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In some Texas divorce cases, the parties are able to reach an agreement on property division.  Such an agreement is treated as a contract, even when it is incorporated into a final agreed divorce decree.  If there is an ambiguity, the agreement may be reformed to correct a mutual mistake or reflect the parties’ intent.  An ambiguity exists if the meaning is uncertain or could reasonably be interpreted in more than one way.  To show there was a mutual mistake, a party must prove there was a definite agreement that was misstated in the contract due to a mistake of both parties.

In a recent case, a wife moved for clarification to correct the trial court’s omission of the amount of her portion of the husband’s military retirement. The couple divorced in 2000.  The agreed final divorce decree awarded the wife an amount of the husband’s Navy disposable retired pay, and 50% of all increases.  The amount was supposed to be “determined under the formula set forth below,” but the decree did not contain a provision setting forth a specific portion or calculation.  The decree awarded` the portion of the retirement pay “not awarded to [the wife]” to the husband.

The husband started receiving his military retirement benefits in 2015.  When the wife contacted the Defense Finance and Accounting Service to get her share of the benefits, she was told she could not be paid because the decree did not include a formula awarding her a portion of the retirement.

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As a result of his illustrious career, Dr. Dre’s net worth currently sits at a whopping $820 million – but maybe not for long. After 24 years, Dr. Dre’s wife, Nicole Young, is filing for divorce from the producer, rapper, and hip-hop icon. Reports indicate that the couple did not execute a premarital agreement prior to their 1996 marriage, which opens up Dr. Dre to significant financial exposure. In the absence of a premarital agreement, California – a community property state much like Texas – provides that property accumulated during marriage is owned by the community estate. Put simply, all of Dr. Dre’s income during the marriage, from his royalties as a solo rapper to his profits from Beats by Dre, is up for grabs. This means that Dr. Dre could see his hard-earned fortune be split in half right before his eyes in the coming months. Continue Reading ›

Whether a celebrity or not, we all worry about many of the same core issues when facing a divorce – How do I protect my stuff (money, investments, real property, personal property) and how do I protect the kids.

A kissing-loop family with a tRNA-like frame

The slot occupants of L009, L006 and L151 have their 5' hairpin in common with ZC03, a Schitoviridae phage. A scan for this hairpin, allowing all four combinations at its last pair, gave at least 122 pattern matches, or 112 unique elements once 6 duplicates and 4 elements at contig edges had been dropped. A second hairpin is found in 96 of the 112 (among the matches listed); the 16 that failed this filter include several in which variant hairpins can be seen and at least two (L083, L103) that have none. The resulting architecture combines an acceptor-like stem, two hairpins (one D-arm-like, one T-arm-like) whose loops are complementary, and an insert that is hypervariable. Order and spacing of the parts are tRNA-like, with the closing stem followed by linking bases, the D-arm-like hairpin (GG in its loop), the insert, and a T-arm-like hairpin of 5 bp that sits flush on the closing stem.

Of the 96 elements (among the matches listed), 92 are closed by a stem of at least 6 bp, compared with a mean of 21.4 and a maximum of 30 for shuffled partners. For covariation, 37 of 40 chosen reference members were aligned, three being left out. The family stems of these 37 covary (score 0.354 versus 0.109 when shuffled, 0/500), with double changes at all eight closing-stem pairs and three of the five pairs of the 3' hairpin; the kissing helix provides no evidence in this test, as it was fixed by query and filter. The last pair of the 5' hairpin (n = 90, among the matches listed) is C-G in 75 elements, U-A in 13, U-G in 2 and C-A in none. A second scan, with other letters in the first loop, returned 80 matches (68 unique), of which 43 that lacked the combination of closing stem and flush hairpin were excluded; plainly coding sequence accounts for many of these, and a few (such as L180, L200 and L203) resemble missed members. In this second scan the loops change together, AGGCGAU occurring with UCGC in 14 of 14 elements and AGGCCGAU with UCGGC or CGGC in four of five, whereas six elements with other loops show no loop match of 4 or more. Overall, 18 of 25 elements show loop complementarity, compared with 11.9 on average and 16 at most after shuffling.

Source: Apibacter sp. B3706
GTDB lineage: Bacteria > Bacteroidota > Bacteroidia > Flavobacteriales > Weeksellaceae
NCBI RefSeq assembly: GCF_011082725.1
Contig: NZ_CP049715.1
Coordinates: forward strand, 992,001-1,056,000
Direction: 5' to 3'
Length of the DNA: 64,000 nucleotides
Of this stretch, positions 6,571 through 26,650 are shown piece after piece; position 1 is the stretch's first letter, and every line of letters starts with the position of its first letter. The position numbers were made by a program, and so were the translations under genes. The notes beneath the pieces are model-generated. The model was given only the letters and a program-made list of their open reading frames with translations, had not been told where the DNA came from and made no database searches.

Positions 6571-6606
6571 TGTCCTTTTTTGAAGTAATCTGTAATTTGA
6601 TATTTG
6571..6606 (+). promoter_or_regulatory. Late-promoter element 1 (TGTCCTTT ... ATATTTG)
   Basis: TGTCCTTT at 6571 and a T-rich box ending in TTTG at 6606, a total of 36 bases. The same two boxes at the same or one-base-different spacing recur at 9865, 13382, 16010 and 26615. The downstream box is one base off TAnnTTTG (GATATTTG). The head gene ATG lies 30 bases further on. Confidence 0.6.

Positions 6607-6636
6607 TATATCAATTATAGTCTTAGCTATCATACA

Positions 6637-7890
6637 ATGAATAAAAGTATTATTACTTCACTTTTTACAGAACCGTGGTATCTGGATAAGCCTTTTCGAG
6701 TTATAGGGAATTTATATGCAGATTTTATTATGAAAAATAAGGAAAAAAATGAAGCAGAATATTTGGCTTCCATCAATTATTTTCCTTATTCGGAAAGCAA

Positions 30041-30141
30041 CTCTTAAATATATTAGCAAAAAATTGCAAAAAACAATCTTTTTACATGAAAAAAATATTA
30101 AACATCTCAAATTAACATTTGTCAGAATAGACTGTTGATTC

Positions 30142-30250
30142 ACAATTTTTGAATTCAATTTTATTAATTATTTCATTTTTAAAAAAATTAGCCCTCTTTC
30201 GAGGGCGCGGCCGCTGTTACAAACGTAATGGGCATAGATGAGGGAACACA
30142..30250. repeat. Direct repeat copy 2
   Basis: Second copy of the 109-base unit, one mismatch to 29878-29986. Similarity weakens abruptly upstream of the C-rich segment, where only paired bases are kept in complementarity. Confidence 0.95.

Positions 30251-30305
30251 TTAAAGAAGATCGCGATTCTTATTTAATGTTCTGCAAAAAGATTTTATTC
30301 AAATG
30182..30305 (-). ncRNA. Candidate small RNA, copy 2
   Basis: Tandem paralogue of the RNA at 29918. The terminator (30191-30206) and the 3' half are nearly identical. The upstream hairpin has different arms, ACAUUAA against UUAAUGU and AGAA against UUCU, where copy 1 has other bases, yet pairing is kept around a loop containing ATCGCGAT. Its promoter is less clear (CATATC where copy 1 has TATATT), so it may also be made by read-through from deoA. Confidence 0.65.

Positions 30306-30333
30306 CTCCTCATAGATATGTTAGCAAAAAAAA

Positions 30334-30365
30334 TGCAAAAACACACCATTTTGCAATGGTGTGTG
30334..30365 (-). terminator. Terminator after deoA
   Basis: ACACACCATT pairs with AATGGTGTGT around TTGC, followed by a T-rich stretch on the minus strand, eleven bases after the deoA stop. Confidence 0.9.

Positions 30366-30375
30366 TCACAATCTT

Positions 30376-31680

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As states begin to emerge from months of lockdown resulting from the COVID-19 pandemic, will there be an increase in divorce filings? This question is of particular interest in Texas, where state and local officials have started the process of easing quarantine restrictions. However, with much uncertainty as to the pandemic in the months ahead, the answer to this question remains unclear at the moment. So, should a potential increase in divorce filings effect your decision-making regarding your own divorce? Perhaps, an even more important consideration is not how many divorces there will be, but rather how filing for divorce changed since the pandemic began. Continue Reading ›

When a party wants a judgment corrected, he or she generally has to challenge it directly within a specific time frame.  In some cases, however, a person may seek to avoid the effect of the judgment through a collateral attack.  A voidable judgment becomes final unless it is attacked directly in accordance with applicable procedural rules, but a void judgment may be challenged at any time.  In a recent case, a Texas appeals court had to determine if a provision in a Texas divorce decree ordering a father to pay the mother’s attorney’s fees was void or voidable.

The divorce decree included a fee provision that ordered the father to pay the mother’s attorney’s fees related “to issues concerning the suit affecting parent-child relationship [“SAPCR”] and the safety and welfare of the children.”

The father moved to modify the decree about a month after it was signed.  He asked for increased possession and decreased child support.  He also challenged the fee provision.  The court’s order increased his possession. In its Findings of Fact and Conclusions of Law, the court found there was not a sufficient change in circumstances of either parent or the children to support a change in the father’s child support obligations or the fee provision.  The court ordered him to continue to pay all of the mother’s attorney’s fees related to the SAPCR.